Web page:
With violence continuing to rage in Egypt, 51% of Americans say it is better for the United States to cut off military aid to Egypt to put pressure on the government. This is nearly double the percentage (26%) saying it is better to continue military aid to the government in order to maintain influence in Egypt.
The new national survey by the Pew Research Center, conducted Aug.15-18 among 1,000 adults, finds that half of the public (50%) says that Barack Obama has not been tough enough toward the Egyptian military in responding to the violence against anti-government protesters; just 6% say he has been too tough. However, a sizable minority volunteers that Obama’s response has been about right (12%) or offers no response (32%).
While the public favors cutting off U.S. aid to the Egyptian government, the country’s military is widely seen as better leaders for Egypt than the Muslim Brotherhood: 45% say the military could provide better leadership compared with 11% who say the Muslim Brotherhood. Nearly one-in-five (19%) volunteer than neither side can better lead Egypt, while 25% say they don’t know.
The violence and chaos in Egypt has not attracted much in the way of interest among the U.S. public. Just 22% say they are following news about violence in Egypt very closely, while another 29% are following events there fairly closely. About half of Americans (48%) say they are following news from Egypt not too closely or not at all closely. A Pew Research Center survey last month found that fewer Americans viewed events in Egypt as critical to U.S. interests than did so in February 2011 during the Arab Spring.
For the most part, there are only modest demographic and partisan differences in opinions about the situation in Egypt. However, Republicans (63%) are more likely than Democrats (47%) or independents (46%) to say that Obama has not been tough enough on the Egyptian military in responding to the violence.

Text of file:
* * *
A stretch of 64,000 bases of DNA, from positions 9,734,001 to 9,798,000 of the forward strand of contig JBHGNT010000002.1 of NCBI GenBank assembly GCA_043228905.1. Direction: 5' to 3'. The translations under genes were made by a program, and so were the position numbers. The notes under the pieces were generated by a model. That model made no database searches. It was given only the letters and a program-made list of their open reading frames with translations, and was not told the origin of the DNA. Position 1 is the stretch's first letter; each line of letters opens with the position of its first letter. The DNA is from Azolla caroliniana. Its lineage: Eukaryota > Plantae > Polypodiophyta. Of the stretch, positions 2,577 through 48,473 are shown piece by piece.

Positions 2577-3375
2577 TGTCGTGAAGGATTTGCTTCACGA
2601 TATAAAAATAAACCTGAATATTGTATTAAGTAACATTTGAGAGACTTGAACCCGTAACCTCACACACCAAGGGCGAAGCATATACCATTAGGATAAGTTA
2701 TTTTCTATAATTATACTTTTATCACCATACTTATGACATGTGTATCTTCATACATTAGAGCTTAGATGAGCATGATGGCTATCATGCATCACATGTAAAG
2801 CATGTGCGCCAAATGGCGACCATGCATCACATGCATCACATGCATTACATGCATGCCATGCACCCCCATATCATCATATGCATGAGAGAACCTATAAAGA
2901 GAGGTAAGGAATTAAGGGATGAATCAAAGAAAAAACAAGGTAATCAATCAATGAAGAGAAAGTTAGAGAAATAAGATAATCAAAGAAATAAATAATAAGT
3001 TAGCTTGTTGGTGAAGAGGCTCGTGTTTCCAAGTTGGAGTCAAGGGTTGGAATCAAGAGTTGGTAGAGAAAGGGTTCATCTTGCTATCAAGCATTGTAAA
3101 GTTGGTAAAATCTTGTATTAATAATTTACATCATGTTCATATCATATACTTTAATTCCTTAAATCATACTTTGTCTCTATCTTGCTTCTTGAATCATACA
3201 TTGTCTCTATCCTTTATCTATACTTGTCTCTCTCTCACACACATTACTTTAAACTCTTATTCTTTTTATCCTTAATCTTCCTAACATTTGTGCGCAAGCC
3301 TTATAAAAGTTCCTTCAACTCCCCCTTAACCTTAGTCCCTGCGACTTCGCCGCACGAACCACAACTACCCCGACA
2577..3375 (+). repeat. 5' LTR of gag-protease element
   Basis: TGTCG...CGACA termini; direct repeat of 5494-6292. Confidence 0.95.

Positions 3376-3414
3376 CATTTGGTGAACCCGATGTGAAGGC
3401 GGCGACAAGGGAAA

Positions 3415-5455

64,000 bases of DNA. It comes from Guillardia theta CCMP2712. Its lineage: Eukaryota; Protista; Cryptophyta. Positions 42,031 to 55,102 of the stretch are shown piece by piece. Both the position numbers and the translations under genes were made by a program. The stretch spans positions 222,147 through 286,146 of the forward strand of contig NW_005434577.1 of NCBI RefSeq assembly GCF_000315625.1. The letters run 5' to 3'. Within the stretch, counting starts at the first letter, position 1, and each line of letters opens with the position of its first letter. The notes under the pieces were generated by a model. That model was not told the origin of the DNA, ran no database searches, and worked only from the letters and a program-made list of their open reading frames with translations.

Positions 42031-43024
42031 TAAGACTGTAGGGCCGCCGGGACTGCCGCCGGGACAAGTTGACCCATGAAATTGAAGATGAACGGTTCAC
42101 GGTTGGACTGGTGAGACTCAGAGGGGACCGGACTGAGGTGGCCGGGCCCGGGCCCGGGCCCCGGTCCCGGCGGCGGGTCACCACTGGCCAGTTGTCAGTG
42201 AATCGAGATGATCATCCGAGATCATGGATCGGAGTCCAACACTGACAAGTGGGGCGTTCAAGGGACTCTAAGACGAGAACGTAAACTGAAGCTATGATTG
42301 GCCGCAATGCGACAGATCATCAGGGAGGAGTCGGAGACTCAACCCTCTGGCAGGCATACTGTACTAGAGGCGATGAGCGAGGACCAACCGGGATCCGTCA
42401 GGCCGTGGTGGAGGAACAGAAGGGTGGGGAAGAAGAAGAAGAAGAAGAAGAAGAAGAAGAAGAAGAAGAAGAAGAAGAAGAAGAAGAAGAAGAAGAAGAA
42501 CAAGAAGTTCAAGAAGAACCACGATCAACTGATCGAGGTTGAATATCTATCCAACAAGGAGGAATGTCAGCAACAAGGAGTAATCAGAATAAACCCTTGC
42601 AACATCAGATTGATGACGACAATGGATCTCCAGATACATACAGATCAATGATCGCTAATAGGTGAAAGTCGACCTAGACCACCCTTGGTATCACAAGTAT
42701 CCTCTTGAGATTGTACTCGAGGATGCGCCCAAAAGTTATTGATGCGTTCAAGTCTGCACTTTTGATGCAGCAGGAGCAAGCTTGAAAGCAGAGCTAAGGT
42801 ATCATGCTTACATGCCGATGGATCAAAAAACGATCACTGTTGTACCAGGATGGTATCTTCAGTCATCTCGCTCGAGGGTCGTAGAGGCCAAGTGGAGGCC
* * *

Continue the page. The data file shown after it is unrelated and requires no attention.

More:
But comparable percentages of Republicans (56%), Democrats (49%) and independents (53%) favor cutting off U.S. military aid to the Egyptian government. About half of Republicans (52%) and Democrats (46%) say the military could provide better leadership for Egypt, as do 42% of independents.
Low Public Interest in Egypt News
In the current survey, 22% say they are following news about political violence in Egypt very closely. In February 2011, when former President Hosni Mubarak resigned after weeks of public protests, 39% were following events in Egpt very closely.
More Republicans (33%) than Democrats (23%) or independents (18%) say they are paying very close atttenion to news about political violence in Egypt. But large shares of all partisan groups (56% of Democrats, 48% of independents and 42% of Republicans) say they are following news about Egypt not too or not at all closely.
While interest in Egypt’s violent political situation attracted only modest public interest last week, it was the most closely followed news. Interest in Egypt outpaced interest in all other news stories last week; including Attorney General Eric Holder’s announcement on policy changes intended to reduce prison sentences for non-violent drug offenders (17% very closely).
The public paid less attention to news about the U.S. stock market (10% very closely) and the U.S. Justice Department suing to block the merger of American Airlines and US Airways (7% very closely) objecting to restrictions on competition.
Earlier in the month, the U.S. government’s decision to temporarily close several embassies in the Middle East and North Africa due to security concerns topped the public’s news interest, with 28% saying they followed that story very closely in a poll conducted Aug. 8-11, 2013. That same week, Major League Baseball’s decision to suspend players over alleged use of performance enhancing drugs attracted the very closely attention of 18% of the public. Interest in the sale of The Washington Post to Amazon.com CEO Jeff Bezos (6% very closely) and scientists testing the first lab-grown hamburger (5% very closely) attracted the interest of small percentages of the public.